480 presentation

Navigation Systems and Their
Michael Bekkala
Michael Blair
Michael Carpenter
Matthew Guibord
Abhinav Parvataneni
Dr. Shanker Balasubramaniam
Popularity of GPS and INS
• Cell phones
Apple iPhone, Blackberry, Android platform
• Nintendo Wii
Wii Remote, MotionPlus
Background: GPS
First put into practical use in the
90’s. More commonly used in the 21st
GPS is for navigation, syncing computer
networks time, missile guidance
Some applications that make use of GPS
are Garmin Car Navigation Systems,
Google maps, mobile apps
GPS satellites are maintained by the Air
force and can be used by anybody
Global Positioning System (GPS):
How it works
At least 24
operational GPS
satellites in orbit
• 12 hour orbit
• 11,000 miles above
• Atomic clock
Most accurate time
and frequency
standards known
• Synchronized, send
signals at same time
Global Positioning System (GPS):
How it works cont’d.
Satellites send data to earth which are picked up by
a receiver
Signals arrive at different times based on the
distance from the satellite
• L1 (1575.42 MHz)
Receiver needs to determine
distance to four satellites
• Determines 3-dimensional position
• Does not send out a signal
But how does the receiver
determine its distance from each
Global Positioning System (GPS):
How it works cont’d.
To calculate distance:
• Distance = Speed • Time
Speed ≈ Speed of Light
How to determine time?
• Receiver’s clock becomes synchronized to Coordinated
Universal Time (UTC) by tracking four or more satellites
• Each satellite transmits a unique “pseudo random” code at
extremely precise time intervals
• Receiver knows each satellite’s pseudo random code and
when they are sent
• Receiver determines the time delay it takes to match the
expected satellite pseudo random code with the received
pseudo random code
Time Delay = Time!
Global Positioning System (GPS):
Sources of Error
Atmospheric Error
• Speed of light is only a constant in a vacuum
Charged Particles in the Ionosphere
Water Molecules in the Troposphere
Ephemeris Error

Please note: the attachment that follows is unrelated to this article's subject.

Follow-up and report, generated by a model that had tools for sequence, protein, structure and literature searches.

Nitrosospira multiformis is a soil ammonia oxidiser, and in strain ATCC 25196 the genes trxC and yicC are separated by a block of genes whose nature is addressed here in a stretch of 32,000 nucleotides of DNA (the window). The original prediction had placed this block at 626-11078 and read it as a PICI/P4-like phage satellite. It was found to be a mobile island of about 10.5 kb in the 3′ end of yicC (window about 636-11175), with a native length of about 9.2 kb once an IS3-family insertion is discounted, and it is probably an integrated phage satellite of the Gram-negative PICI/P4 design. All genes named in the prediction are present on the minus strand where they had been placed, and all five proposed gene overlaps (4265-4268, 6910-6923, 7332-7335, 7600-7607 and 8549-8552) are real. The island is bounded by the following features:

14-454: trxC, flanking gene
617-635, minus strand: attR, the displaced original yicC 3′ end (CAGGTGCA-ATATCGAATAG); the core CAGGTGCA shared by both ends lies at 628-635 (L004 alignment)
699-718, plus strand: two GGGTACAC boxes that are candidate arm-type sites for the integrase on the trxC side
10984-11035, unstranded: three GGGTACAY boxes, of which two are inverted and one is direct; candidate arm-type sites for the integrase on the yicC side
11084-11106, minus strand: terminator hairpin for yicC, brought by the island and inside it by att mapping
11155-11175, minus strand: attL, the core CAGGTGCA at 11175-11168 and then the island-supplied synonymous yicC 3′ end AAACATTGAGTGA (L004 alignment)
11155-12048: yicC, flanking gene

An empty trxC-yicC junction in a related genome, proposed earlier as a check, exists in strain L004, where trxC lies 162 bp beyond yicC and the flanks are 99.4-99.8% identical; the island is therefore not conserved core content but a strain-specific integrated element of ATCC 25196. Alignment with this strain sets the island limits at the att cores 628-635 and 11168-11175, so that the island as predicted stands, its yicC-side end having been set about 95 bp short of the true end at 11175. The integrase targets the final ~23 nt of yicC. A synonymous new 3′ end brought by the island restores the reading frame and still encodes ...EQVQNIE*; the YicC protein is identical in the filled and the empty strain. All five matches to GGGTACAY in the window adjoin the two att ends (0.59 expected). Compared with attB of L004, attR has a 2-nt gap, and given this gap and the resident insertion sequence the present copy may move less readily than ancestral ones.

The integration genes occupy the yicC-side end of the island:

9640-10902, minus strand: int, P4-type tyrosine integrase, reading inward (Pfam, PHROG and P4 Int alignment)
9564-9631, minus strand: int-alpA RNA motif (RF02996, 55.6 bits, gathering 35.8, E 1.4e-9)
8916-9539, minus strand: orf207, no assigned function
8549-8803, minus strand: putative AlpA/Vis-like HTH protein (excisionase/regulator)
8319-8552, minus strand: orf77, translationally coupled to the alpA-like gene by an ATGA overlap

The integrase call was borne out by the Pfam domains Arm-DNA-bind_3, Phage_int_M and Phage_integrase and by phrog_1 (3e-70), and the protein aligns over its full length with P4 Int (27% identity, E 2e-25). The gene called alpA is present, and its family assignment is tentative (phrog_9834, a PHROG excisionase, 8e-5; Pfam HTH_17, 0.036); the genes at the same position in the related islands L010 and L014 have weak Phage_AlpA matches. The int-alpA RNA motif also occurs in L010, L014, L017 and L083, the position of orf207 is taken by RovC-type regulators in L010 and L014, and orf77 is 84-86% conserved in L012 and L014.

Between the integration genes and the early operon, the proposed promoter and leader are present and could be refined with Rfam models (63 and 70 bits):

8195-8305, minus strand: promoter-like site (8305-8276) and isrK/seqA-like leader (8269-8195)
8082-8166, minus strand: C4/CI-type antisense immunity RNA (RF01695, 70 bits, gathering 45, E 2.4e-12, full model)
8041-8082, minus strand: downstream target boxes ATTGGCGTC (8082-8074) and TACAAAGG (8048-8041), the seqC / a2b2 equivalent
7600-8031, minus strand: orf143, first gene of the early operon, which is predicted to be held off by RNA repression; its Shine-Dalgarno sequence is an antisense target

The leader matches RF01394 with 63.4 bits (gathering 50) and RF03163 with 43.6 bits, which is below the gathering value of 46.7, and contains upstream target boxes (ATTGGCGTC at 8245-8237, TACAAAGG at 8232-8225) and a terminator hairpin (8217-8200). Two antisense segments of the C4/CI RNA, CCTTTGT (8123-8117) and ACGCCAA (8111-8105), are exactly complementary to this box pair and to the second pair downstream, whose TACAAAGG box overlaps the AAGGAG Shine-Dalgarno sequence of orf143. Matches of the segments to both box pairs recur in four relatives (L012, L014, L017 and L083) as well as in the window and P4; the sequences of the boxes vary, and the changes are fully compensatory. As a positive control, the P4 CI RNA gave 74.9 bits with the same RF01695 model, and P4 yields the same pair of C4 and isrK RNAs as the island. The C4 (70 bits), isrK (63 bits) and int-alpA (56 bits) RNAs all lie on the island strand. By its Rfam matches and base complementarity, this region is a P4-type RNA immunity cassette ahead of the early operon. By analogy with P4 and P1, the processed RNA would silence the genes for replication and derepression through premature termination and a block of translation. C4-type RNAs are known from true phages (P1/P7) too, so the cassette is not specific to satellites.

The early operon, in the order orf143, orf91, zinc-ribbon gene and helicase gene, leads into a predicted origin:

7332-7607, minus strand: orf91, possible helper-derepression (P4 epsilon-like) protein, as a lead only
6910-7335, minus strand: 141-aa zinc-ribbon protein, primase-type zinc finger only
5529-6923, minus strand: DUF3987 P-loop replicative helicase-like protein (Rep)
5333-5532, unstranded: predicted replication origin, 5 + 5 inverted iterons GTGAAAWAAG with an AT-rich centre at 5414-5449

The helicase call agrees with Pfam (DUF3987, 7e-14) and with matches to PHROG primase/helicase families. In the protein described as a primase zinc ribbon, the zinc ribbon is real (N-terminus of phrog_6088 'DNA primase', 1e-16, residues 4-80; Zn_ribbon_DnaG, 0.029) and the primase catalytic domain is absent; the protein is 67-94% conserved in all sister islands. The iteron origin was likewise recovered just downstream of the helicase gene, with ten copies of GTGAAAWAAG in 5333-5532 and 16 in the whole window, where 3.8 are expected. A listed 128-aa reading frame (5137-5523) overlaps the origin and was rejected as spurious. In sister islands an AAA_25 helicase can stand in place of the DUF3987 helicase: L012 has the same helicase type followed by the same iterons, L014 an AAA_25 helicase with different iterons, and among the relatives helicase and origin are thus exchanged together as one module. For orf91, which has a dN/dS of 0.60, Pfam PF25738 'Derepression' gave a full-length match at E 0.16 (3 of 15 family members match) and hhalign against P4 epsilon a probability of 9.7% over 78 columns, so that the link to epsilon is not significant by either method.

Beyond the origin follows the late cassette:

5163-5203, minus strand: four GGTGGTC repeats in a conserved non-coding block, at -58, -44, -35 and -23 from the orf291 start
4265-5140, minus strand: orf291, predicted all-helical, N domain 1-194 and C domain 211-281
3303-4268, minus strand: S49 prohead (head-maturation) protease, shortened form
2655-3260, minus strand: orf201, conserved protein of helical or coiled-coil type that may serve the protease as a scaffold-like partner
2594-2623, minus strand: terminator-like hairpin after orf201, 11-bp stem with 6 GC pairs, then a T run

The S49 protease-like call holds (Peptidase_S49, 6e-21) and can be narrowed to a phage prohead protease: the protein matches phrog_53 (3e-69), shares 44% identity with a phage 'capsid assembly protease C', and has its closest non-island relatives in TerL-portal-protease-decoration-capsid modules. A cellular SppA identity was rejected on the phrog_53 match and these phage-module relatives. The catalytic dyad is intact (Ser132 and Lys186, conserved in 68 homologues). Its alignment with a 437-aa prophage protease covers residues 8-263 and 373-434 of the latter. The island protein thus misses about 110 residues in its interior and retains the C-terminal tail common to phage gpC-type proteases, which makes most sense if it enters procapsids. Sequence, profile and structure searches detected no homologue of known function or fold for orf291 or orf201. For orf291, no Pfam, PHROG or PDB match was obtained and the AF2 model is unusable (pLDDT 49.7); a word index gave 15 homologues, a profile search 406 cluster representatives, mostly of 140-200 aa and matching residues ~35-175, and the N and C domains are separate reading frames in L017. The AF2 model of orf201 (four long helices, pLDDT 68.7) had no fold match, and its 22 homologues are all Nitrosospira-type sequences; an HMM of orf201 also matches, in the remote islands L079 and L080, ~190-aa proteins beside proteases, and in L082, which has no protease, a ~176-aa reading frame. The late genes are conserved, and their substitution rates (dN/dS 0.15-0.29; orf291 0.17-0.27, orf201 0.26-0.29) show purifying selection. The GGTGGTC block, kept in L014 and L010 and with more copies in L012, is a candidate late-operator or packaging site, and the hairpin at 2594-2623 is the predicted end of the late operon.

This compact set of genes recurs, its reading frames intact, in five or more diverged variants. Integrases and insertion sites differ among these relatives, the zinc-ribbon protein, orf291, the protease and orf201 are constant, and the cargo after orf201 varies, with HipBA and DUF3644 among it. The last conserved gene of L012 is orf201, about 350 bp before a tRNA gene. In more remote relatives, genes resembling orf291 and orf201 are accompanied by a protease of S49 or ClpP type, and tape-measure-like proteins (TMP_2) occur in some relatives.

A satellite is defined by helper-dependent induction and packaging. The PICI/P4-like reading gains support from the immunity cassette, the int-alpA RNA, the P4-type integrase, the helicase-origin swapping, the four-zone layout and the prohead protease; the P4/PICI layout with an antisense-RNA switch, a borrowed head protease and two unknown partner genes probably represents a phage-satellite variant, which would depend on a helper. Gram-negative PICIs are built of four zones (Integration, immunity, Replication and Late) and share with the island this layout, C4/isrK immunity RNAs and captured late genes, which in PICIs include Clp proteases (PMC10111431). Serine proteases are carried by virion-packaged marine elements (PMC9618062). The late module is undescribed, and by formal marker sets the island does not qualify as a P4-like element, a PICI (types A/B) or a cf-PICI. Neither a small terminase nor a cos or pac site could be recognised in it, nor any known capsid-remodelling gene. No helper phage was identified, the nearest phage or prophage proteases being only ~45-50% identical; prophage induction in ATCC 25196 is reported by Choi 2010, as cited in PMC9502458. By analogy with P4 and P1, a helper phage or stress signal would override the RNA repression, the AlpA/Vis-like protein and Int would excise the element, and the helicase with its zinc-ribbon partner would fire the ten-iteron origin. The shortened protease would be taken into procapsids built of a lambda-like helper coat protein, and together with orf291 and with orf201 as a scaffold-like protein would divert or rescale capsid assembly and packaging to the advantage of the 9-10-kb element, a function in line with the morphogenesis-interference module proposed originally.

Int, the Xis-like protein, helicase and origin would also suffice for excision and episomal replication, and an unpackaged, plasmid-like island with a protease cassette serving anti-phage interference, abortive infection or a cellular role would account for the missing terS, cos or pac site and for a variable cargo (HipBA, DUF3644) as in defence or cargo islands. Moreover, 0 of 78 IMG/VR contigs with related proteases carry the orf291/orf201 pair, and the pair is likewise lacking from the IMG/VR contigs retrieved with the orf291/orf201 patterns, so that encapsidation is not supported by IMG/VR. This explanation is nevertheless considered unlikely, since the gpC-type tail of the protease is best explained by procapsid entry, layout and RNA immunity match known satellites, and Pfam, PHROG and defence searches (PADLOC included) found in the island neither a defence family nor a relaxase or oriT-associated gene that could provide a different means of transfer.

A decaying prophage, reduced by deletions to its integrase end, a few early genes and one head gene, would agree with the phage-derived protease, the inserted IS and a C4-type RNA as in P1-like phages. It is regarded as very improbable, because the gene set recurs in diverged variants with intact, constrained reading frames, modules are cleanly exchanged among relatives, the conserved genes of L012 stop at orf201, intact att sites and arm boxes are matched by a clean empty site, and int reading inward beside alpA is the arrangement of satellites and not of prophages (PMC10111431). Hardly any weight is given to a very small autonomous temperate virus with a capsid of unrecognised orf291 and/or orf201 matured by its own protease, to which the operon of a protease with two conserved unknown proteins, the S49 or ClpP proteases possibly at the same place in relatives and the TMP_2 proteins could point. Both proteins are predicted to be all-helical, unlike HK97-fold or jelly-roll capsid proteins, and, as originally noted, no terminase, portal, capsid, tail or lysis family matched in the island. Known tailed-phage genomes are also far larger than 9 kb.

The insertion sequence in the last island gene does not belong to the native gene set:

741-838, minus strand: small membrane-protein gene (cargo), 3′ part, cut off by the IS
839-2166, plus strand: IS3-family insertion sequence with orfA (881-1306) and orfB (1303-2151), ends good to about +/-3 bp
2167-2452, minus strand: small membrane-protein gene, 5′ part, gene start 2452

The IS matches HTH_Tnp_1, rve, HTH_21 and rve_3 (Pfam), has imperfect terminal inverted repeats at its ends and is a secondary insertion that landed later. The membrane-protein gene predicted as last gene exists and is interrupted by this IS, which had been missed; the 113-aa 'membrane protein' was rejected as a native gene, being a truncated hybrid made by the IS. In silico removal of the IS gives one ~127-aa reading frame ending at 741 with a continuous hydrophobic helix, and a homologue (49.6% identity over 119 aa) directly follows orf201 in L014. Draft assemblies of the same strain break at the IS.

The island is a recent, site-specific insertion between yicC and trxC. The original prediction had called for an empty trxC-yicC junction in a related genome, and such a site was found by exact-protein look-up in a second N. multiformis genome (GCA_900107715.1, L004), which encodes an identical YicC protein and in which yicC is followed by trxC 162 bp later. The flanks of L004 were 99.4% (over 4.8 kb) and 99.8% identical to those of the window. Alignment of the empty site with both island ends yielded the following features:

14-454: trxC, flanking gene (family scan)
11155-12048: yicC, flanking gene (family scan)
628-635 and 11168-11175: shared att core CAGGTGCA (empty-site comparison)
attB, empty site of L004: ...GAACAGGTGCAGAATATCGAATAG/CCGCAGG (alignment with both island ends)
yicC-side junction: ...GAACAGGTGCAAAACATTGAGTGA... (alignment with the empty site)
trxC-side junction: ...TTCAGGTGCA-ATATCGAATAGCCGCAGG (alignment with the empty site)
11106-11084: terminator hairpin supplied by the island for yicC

• Error that effects the satellite’s orbit (ephemeris)
• Caused by the gravitational pull of the sun, moon, and the
pressure caused by solar radiation
• Error monitored by the Department of Defense (DoD) and
broadcasted to the GPS satellites
Multipath Error
• Timing error from signals bouncing off of objects such as
buildings or mountains
• Can be reduced by signal rejection techniques
How can we reduce errors caused by the atmosphere?
Global Positioning System (GPS):
Error Correction: DGPS
DGPS = Differential GPS
Basic Idea:
• Use known locations as reference locations
Exact Position is known, compare to the location
determined by GPS
Develop error correction data by using the difference
of the exact location and the GPS determined location
• Broadcast error correction data to local GPS
receivers (receivers within 200km of the
reference station)
• Error correction can remove errors caused by
the atmosphere—makes GPS data more
Global Positioning System (GPS):
Error Correction: WAAS
Wide Area Augmentation System (WAAS)
• WAAS is an example of DGPS
• Also referred to as a Satellite Based
Augmentation System (SBAS)
• Developed by the Federal Aviation
Administration (FAA)
• Uses a network of ground based stations in
North America and Hawaii
• Measures variations in satellite signals
Relays error to geostationary WAAS satellites
Used to improve accuracy and integrity of data
• Independent systems being developed in
Europe (Galileo), Asia, and India.
Global Positioning System (GPS):
• Recreation
• Augmented Reality
The list goes on
Global Positioning System (GPS):
National Marine Electronics
Association 0183 (NMEA)
• A standard which defines